Thursday, June 25, 2015

A media friendship forged

Potenteau with a passion to tell a story, even through a lens
It is a bitter sweet day as colleague Doyle Potenteau officially leaves the sports department at the Kelowna Daily Courier. I have known for a while now that Doyle was likely on the 'back nine' at the 2015 Memorial Cup in Quebec City and was contemplating a change. The writing was clearly on the wall. Potenteau wanted to change the direction of his journalism career which would allow him to spend more time with his family. For that alone, I applaud a man who I have developed a close relationship with over the years.
Potenteau in Brandon 2007 on one of many Rockets road trips
I dare say that Potenteau and I have a very unique relationship among competing media in the city of Kelowna. While he was covering the Rockets as the Courier's beat writer for print, I was trying to get the leg up on him as the radio broadcaster of the team. Our relationship wasn't built on competition though, but more on a mutual respect we had for one another's craft.
With the Memorial Cup in Rimouski 2009
Our friendship blossomed thanks to countless days and nights spent on the road together. We were travelling companions who ending up treating each other as brothers.
Potenteau speaking to a soft spoken Jamie Benn in 2008
My first introduction to Potenteau came in the fall of 2000 when I left the Swift Current Broncos to join the Kelowna Rockets and Potenteau arrived a few months earlier at the Kelowna Daily Courier after a stint on the lower mainland. We were both new on the scene and quickly gravitated to one another more out of support than anything else. Quickly that developed into a friendship.
We almost always roomed together on Kelowna Rockets road trips. We spent 15 seasons travelling with one another, going in and out of hotels, covering hockey games, eating at restaurants and most importantly laughing at what life threw our way. We travelled endless miles/kilometers in a radio station vehicle over those 15 years, many times in the early morning hours with very little sleep. The only thing keeping us awake, with Doyle at the wheel, was often an 80's song cranked on the radio or CD player that prompted us to break into song.
Doyle or I would take lead vocals while at others we attempted to sing in harmony.
We attended four Memorial Cups together with many a late evening in a local watering hole. We would sometimes put our life in danger by visiting an establishment that came on the recommendation of a local citizen, but we always seemed to come out unscathed.
A trip to Portland in 2015 WHL playoffs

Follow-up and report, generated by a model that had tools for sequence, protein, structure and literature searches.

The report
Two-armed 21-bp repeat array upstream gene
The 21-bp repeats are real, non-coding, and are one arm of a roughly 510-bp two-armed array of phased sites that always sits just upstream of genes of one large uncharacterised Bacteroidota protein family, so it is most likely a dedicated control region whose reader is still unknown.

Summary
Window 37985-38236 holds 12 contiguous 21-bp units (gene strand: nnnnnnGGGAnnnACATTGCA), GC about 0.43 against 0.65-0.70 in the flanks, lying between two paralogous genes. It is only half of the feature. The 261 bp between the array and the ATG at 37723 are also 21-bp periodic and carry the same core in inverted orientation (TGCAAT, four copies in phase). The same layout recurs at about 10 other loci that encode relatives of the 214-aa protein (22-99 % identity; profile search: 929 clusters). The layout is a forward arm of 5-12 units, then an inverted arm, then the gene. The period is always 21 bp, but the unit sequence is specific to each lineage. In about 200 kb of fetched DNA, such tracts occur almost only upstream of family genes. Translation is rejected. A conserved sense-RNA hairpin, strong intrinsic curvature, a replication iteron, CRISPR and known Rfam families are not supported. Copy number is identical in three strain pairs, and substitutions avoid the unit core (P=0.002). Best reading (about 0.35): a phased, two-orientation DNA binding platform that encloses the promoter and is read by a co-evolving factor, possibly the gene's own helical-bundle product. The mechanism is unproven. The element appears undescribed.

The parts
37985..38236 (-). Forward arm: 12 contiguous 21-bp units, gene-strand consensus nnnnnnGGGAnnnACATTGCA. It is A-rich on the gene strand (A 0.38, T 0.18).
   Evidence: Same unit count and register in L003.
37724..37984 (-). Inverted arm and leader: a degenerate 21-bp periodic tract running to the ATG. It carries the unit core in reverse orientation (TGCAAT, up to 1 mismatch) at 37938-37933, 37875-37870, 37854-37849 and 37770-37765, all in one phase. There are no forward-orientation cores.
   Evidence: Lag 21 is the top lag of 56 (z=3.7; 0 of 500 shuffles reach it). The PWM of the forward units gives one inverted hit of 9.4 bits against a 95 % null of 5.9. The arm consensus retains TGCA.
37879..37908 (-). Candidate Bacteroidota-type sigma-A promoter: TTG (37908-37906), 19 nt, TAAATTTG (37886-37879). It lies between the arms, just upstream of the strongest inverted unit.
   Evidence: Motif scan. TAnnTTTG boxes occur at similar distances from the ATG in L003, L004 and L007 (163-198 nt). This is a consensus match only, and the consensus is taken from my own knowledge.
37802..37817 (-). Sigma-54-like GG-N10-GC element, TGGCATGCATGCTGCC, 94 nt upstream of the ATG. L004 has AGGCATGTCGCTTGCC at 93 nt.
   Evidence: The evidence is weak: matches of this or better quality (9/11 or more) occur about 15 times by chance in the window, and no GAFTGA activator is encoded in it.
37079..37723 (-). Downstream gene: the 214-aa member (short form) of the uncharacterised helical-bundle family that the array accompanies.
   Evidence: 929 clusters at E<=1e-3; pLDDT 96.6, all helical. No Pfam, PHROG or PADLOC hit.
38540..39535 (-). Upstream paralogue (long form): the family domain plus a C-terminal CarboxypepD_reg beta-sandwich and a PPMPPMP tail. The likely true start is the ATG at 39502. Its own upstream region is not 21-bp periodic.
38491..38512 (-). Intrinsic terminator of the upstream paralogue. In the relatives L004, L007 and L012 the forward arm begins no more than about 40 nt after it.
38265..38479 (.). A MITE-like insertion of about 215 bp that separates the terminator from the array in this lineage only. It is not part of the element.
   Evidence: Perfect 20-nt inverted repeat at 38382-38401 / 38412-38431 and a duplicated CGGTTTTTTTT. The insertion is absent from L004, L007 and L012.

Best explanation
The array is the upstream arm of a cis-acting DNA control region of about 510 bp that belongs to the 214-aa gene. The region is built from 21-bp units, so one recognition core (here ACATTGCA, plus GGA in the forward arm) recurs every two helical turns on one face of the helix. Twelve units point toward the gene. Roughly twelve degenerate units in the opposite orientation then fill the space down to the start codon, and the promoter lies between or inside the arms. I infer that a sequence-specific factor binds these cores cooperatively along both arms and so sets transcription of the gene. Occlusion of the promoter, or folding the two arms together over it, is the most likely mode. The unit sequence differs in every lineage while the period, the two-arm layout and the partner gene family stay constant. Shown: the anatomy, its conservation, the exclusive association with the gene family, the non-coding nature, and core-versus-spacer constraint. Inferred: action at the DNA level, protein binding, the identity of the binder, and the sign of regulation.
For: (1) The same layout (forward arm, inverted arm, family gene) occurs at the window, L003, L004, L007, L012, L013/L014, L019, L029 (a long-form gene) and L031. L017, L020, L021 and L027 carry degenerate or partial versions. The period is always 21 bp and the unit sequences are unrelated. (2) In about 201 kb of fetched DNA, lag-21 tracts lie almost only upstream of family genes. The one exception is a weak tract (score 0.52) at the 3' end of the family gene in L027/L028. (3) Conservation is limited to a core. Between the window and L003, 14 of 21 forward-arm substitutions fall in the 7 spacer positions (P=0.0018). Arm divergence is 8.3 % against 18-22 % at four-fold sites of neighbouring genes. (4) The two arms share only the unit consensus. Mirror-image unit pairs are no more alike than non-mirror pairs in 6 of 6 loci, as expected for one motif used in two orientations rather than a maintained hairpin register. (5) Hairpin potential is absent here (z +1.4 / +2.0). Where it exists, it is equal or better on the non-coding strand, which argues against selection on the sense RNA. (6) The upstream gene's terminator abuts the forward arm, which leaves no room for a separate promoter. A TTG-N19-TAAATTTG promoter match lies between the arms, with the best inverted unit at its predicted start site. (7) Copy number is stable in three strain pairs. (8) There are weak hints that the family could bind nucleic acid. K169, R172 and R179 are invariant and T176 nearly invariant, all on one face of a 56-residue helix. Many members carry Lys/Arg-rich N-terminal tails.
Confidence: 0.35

I will always remember the time, in 2002, when Doyle and I hesitantly exited a warm Kelowna Rockets bus on a -34 degree day in Regina, with a windchill to match, and feverishly ran as quickly as our legs could carry us inside a warm restaurant. We often marvelled how we became so soft living in the warm climate of BC despite both originally growing up in Saskatchewan.
On the road, Doyle and I were pretty much inseparable.
In a media world full of egos, Potenteau doesn't carry that with him. Doyle has the right to considering he has the ability to churn out a game story with pin point accuracy, clarity and quotes in the blink of an eye. Potenteau isn't arrogant. He isn't cocky. Doyle is confident in his abilities, but cranking out story after story while covering one of the best junior teams in all of Canada will do that.
Potenteau is smart, honest, trust worthy and generous. I mention generous because more often than not, Potenteau was the first to pick up the bill at any establishment we happened to frequent. Sure, I have alligator arms, but one of Doyle's greatest attributes is his generosity. Potenteau is a giving person. He gives of himself which makes him such a valuable friend.
Seeing Doyle officially resign from the Daily Courier sports department is a sad day for me selfishly. I won't have him by my side as a wing man on those long Kelowna Rockets playoff runs we both are accustomed to enjoying.
While Potenteau and my relationship as colleagues on the Rockets beat is now over, our friendship remains as strong as ever and will remain that way. The only problem I see is finding a new singing partner that enjoys 80's music and is willing to break into song without hesitation on a long playoff road trip.
Something tells me it just won't be the same without Potenteau at my side.

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